3. Greg Smith, Colorado State (4 points, 1-of-7 FG)

Smith averages close to 12 points per game for the Rams, but managed just four on Wednesday vs. UNLV. In Colorado State’s two-point loss, they could have used him.

Daniel Martin is a writer and editor at JohnnyJungle.com, covering St. John’s. You can find him on Twitter:@DanielJMartin_

Derek Willis won’t be suspended for offseason citiation

Kentucky's Derek Willis (35) hits an uncontested three point shot during the second half of an NCAA college basketball game against Tennessee Thursday, Feb. 18, 2016, in Lexington, Ky. Kentucky won 80-70. (AP Photo/James Crisp)
AP Photo/James Crisp
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John Calipari gave a press conference on Thursday morning and, for the first time since his arrest in June, the Kentucky head coach spoke about Derek Willis.

Willis, if you’ve forgotten, was found passed out in the street outside the open driver’s side door of his car at 4:30 a.m. You can see video of the arrest here. Willis is very lucky he wasn’t killed, and that he didn’t kill anyone else trying to drive in that condition.

Cal said that Willis will not be suspended for any games, but “Derek knows he’s under a different eye now than he was.” He did not elaborate on what kind of punishment Willis will receive beyond that, saying that “I don’t throw people under the bus.”

To be honest, I’m a little surprised that Willis won’t be forced to miss any games, but if we’re being frank, sitting out an exhibition and Kentucky’s opener sounds much more appealing than the kind of, ahem, ‘conditioning drills’ that Willis has likely spent the summer doing.

PODCAST: Boeheim’s non-controversy and the coaches we don’t want to fight

Jim Boeheim
AP Photo/Nick Lisi
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In today’s podcast, I’m joined by Travis Hines to discuss stuff that has been in the news over the course of the last two weeks, specifically Jim Boeheim’s comments about Carmelo Anthony and why it is a total non-controversy.

We also dive into why Boeheim’s comments are forced to be taken out of context as well as Monte’ Morris, ‘Pancake’ Thomas and which college basketball coaches we would least like to fight.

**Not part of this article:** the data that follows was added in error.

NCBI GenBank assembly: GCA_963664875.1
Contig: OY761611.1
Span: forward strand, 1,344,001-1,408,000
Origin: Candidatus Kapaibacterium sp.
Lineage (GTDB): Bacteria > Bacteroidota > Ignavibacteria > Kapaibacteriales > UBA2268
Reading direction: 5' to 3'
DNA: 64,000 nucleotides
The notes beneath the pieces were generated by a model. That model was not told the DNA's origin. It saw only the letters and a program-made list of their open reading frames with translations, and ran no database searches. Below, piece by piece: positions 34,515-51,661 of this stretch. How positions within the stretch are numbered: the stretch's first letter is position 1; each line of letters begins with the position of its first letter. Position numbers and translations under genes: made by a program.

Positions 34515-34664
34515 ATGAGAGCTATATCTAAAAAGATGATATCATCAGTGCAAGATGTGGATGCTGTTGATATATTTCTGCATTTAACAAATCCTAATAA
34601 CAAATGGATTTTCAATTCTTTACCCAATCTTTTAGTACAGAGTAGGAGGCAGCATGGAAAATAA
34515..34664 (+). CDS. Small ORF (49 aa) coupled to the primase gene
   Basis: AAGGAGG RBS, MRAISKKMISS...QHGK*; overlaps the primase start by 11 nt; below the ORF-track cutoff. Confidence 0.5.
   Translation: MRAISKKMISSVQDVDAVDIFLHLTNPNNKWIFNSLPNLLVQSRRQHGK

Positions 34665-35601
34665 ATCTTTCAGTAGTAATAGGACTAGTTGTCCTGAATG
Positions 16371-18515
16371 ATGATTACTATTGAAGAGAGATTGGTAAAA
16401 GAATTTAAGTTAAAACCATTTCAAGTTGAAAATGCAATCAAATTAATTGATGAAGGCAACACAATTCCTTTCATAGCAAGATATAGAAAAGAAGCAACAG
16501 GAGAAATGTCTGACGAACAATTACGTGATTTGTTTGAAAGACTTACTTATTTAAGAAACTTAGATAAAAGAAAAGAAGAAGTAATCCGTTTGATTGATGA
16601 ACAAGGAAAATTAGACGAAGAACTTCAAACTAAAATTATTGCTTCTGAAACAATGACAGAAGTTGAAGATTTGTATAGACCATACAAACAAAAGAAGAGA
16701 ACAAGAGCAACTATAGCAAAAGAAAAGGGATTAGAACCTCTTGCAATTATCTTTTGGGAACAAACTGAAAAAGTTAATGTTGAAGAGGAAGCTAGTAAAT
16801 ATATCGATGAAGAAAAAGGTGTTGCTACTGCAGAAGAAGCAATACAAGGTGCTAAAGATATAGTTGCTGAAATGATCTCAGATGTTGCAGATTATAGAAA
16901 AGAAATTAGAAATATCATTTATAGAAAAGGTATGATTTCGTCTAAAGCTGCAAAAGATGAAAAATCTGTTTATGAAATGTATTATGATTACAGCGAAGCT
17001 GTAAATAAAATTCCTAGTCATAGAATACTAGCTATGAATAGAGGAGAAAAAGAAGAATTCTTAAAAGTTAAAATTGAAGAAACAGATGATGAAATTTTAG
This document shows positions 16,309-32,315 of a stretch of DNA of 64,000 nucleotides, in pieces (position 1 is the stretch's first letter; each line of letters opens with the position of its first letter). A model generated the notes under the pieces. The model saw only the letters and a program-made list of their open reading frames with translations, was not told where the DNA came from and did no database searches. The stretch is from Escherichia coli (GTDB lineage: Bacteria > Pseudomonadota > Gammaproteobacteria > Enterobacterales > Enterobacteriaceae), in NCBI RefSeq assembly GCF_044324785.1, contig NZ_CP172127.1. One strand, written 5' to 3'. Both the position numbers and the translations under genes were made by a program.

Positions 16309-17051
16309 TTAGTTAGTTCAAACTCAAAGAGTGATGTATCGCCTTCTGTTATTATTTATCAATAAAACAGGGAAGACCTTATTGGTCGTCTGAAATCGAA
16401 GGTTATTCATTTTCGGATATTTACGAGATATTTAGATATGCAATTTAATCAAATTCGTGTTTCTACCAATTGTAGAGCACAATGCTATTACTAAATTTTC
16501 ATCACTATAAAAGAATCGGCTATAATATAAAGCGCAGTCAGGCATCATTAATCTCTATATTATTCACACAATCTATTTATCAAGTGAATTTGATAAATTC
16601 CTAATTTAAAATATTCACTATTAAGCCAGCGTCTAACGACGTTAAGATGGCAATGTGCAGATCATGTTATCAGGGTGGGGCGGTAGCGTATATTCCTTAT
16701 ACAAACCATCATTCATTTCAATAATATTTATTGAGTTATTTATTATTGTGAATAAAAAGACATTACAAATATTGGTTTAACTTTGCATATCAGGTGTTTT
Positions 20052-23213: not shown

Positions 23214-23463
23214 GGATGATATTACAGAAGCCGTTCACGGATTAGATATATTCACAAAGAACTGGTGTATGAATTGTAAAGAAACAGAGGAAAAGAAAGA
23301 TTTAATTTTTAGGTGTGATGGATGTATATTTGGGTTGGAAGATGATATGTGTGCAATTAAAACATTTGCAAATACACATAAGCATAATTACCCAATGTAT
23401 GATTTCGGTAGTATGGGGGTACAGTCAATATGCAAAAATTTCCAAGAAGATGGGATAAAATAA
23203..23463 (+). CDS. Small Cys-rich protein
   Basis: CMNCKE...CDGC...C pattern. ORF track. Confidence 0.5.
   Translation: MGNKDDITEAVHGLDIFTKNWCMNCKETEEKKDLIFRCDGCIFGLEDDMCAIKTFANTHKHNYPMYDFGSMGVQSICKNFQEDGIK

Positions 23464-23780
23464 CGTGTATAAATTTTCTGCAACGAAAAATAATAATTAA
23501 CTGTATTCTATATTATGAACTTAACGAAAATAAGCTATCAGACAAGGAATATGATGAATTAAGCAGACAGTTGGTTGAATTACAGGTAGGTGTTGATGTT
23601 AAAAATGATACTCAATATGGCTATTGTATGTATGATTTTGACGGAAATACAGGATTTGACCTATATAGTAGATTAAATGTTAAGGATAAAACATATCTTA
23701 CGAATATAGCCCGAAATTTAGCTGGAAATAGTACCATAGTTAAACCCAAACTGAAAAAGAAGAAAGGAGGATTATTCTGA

As always, you can subscribe to the podcast on either iTunes or Stitcher, and there’s also a link to listen to this podcast below. Thanks for listening.

Cyclones add big man for 2017

LOUISVILLE, KY - MARCH 15:  Head coach Steve Prohm of the Murray State Racers shouts from the sidelines against the Colorado State Rams  during the second round of the 2012 NCAA Men's Basketball Tournament at KFC YUM! Center on March 15, 2012 in Louisville, Kentucky.  (Photo by Andy Lyons/Getty Images)
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Iowa State secured its first commitment Wednesday of what will be a pivotal class of forwards in 2017.

KeyShawn Faezell of Mississippi committed to Steve Prohm and the Cyclones, he announced Wednesday.

“After praying to God to lead me in the right path and talking with my dad,” Faezell wrote, “I’ve decided to further my education and basketball career under coach Prohm at Iowa State University.”

Faezell, a 6-foot-9 consensus top-150 forward in the 2017 class, joins wing Terrence Lewis as the first two members of a class that figures to number at least six for ISU. The addition of Faezell is key because ISU will be losing three members of its frontcourt it will likely be leaning on heavily in 2015-16 in Deonte Burton, Merrill Holden and Darrell Bowie. A 2016 big man, Cameron Lard, has also yet to enroll in classes this fall due to academic issues, making Faezell’s commitment even more important should Lard be unable to get clearance.